158. The computer readable medium as in claim 90 further comprising program code adapted to link the at least one client device with the at least one expert device beginning at a selected time.
159. The computer readable medium as in claim 87 wherein the at least one datasource and at least one expert datasource are a part of the same network.
160. The computer readable medium as in claim 159 wherein the network comprises a client network.
161. The computer readable medium as in claim 159 wherein the network comprises a private network.
162. The computer readable medium as in claim 159 wherein the network comprises a public network.
163. The computer readable medium as in claim 162 wherein a portion of the public network comprises a network selected from a group consisting of the Internet, an intranet or extranet.
164. The computer readable medium as in claim 87 wherein the at least one datasource and at least one expert datasource are a part of different networks.
165. The computer readable medium as in claim 90 wherein the at least one client device and the at least one expert device are a part of the same network.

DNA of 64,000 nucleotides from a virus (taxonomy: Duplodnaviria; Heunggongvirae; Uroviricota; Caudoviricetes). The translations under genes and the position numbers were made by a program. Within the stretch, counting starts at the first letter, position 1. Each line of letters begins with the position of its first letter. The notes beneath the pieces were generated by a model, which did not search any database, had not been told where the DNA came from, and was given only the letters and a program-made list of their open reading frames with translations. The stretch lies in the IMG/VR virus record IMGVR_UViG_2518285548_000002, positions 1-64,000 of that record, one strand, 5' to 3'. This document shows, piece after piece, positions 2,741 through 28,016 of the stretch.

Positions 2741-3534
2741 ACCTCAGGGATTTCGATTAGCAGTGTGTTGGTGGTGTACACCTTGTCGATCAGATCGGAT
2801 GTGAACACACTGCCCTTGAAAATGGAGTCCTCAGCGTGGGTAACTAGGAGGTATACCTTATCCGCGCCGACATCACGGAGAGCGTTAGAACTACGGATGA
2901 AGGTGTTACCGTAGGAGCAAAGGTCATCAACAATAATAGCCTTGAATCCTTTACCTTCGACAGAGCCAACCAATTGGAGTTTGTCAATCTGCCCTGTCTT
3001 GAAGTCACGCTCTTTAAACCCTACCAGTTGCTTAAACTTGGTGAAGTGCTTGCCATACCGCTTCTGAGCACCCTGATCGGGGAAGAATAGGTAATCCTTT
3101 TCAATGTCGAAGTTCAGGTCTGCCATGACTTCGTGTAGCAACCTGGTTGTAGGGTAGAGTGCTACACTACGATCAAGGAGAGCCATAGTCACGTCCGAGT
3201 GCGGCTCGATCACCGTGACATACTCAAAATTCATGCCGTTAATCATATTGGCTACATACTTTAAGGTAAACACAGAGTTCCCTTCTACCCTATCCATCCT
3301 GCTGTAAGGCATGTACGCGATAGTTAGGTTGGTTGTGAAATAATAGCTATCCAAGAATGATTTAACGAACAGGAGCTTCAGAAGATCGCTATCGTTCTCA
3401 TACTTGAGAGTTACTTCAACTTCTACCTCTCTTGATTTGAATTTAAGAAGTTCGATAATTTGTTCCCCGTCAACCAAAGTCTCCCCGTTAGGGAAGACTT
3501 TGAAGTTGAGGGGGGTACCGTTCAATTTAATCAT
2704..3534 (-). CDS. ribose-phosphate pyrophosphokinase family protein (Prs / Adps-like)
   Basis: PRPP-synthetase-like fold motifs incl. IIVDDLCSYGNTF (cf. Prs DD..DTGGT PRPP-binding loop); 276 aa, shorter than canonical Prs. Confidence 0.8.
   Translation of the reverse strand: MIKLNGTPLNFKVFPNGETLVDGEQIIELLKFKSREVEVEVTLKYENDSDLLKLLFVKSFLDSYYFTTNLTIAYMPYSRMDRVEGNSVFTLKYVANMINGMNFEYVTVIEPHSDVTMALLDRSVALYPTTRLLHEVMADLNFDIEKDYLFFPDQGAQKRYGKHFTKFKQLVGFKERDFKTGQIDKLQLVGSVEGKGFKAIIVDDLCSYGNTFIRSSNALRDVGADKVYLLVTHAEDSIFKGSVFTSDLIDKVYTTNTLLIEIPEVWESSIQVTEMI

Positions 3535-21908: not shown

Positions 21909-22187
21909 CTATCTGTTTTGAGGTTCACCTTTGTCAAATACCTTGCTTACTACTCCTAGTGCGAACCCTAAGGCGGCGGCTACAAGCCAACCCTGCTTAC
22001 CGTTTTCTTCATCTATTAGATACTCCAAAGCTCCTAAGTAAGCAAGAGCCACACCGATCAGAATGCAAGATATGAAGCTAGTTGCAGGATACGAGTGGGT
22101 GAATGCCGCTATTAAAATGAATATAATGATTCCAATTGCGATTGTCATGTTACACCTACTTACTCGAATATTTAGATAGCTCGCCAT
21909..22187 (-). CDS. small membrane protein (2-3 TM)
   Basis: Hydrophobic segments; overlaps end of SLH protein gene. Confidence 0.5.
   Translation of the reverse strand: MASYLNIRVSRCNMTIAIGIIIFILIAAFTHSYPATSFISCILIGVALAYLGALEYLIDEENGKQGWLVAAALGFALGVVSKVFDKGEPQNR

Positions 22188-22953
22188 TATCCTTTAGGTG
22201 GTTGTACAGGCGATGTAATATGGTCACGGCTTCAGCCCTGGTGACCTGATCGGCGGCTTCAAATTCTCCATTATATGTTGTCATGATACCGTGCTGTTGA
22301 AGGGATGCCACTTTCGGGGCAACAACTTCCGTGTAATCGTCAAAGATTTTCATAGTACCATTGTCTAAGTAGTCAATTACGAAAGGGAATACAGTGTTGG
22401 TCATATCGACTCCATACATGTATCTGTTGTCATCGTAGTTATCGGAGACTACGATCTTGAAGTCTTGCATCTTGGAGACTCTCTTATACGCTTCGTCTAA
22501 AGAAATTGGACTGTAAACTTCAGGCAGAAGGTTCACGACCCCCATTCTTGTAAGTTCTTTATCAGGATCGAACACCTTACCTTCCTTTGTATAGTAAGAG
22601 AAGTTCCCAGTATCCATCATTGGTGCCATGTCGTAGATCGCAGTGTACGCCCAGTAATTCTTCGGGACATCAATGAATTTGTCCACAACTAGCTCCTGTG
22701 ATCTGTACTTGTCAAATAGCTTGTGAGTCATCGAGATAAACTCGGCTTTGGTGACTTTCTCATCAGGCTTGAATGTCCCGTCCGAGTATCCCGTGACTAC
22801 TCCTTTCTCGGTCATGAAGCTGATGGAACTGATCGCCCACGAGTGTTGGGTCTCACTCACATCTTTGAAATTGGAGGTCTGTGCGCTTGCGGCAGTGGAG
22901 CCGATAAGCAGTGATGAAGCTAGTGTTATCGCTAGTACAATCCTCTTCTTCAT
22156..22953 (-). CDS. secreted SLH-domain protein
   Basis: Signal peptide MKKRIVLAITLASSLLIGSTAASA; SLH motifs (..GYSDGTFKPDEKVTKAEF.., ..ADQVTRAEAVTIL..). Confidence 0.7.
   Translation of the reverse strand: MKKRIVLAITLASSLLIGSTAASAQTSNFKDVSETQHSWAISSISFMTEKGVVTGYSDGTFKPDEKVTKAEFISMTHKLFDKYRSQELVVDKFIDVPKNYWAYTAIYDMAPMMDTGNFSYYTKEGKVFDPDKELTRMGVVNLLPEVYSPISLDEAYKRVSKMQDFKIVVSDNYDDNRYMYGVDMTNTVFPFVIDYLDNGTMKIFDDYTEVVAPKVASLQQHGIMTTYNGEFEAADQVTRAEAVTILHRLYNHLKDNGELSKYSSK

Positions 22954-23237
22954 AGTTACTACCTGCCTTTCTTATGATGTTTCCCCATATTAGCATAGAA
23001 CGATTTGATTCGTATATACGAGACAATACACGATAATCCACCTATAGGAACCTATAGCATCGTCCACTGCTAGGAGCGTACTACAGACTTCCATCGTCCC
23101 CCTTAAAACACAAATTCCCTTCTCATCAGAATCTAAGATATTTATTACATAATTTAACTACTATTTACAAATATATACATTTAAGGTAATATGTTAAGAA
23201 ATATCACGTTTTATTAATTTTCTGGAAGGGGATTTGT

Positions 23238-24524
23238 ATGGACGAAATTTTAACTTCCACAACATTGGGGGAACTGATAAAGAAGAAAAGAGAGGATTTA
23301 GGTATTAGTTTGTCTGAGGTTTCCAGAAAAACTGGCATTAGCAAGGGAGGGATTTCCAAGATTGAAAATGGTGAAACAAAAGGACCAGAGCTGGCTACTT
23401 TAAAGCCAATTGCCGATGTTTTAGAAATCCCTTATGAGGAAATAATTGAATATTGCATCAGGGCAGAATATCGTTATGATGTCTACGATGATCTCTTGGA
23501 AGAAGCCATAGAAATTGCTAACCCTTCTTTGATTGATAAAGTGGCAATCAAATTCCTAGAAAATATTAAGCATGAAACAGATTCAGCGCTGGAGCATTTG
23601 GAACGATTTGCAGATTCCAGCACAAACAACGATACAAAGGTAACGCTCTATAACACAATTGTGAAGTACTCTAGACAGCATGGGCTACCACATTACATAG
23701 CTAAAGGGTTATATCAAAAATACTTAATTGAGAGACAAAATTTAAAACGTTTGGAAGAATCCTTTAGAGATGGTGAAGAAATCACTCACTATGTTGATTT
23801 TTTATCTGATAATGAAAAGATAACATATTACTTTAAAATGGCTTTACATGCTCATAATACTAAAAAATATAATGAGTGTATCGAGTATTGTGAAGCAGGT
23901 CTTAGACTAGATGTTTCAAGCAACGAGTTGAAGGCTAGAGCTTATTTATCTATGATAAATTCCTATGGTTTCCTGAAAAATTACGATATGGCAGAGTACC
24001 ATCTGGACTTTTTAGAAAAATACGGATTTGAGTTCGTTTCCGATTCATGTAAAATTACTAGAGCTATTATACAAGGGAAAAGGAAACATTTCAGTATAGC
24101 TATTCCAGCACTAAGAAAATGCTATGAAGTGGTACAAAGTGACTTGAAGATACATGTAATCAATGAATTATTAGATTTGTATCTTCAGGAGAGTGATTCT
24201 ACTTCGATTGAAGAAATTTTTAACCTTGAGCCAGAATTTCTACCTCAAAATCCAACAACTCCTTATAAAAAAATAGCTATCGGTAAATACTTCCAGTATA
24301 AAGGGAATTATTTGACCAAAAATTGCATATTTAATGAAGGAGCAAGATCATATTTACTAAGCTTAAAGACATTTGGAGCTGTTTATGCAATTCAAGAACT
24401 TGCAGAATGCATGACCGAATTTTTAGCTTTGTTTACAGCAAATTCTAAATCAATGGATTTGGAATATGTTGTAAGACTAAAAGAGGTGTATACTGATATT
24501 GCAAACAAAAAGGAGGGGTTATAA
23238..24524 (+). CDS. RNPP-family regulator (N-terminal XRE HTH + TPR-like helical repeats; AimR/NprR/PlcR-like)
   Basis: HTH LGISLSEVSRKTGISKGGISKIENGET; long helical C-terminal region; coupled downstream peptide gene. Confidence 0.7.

166. The computer readable medium as in claim 165 wherein the network comprises a client network.
167. The computer readable medium as in claim 165 wherein the network comprises a private network.
168. The computer readable medium as in claim 165 wherein the network comprises a public network.
169. The computer readable medium as in claim 168 wherein a portion of the public network comprises a network selected from a group consisting of the Internet, an intranet or extranet.
170. The computer readable medium as in claim 90 wherein the at least one client device and the at least one expert device are a part of different networks.
171. The computer readable medium as in claim 87 further comprising program code adapted to generate at least one client question.